On current and future economics of electricity storage
Amela Ajanovic and
Greenhouse Gases: Science and Technology, 2020, vol. 10, issue 6, 1176-1192
Increasing electricity generation from variable renewable energy sources, such as wind and solar, has led to interest in additional short‐term and long‐term storage capacities. The core objective of this paper is to investigate the costs and the future market prospects of different electricity storage options, such as short‐term battery storage and long‐term storage as pumped hydro storage, as well as hydrogen and methane from power‐to‐gas conversion technologies. The method of approach is based on a formal economic framework with a dynamic component to derive scenarios up to 2040. The major conclusion is that the economic prospects of storage are not very bright. For all market‐based storage technologies it will become hard to compete in the wholesale electricity markets and for decentralized (battery) systems it will be hard to compete with the end users’ electricity price. The core problem of virtually all categories of storage are low full‐load hours (for market‐based systems) and low full charge/discharge cycles (for decentralized batteries). However, any new storage capacity should be constructed only in a coordinated way and if there is a clear sign for new excess production, in this case from variable renewables. In addition, for hydrogen and methane there could be better economic prospects in the transport sector due to both, higher energy price levels as well as a general lack of low carbon fuel alternatives. © 2020 The Authors. Greenhouse Gases: Science and Technology published by Society of Chemical Industry and John Wiley & Sons, Ltd.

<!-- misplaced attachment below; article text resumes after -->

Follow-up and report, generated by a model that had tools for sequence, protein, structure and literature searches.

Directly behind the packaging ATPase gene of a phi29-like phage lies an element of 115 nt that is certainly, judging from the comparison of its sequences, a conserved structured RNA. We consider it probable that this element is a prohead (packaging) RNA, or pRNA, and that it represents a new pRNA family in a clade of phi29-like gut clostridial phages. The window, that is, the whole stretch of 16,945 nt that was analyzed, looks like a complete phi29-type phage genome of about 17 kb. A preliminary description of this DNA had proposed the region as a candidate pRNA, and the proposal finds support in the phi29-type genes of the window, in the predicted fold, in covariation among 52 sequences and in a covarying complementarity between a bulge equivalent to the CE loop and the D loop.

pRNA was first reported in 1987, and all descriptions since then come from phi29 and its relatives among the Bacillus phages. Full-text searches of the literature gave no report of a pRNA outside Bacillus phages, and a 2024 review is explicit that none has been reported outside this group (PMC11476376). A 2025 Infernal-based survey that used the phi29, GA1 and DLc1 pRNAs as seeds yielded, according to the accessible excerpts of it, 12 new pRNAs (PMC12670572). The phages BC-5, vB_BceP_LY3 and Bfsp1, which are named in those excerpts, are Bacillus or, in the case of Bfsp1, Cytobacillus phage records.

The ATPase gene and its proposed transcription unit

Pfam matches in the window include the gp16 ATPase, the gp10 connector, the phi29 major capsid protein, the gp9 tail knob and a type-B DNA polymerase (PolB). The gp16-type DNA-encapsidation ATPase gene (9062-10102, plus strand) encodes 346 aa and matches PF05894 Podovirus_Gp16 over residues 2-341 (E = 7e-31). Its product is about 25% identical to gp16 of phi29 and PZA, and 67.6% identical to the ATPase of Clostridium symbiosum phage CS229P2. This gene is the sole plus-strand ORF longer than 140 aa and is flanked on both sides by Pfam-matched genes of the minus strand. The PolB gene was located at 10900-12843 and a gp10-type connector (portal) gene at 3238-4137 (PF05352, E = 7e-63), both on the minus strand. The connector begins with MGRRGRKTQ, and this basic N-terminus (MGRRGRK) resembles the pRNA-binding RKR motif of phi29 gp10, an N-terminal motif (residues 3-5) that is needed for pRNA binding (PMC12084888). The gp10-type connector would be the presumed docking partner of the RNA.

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Persistent link: https://EconPapers.repec.org/RePEc:wly:greenh:v:10:y:2020:i:6:p:1176-1192
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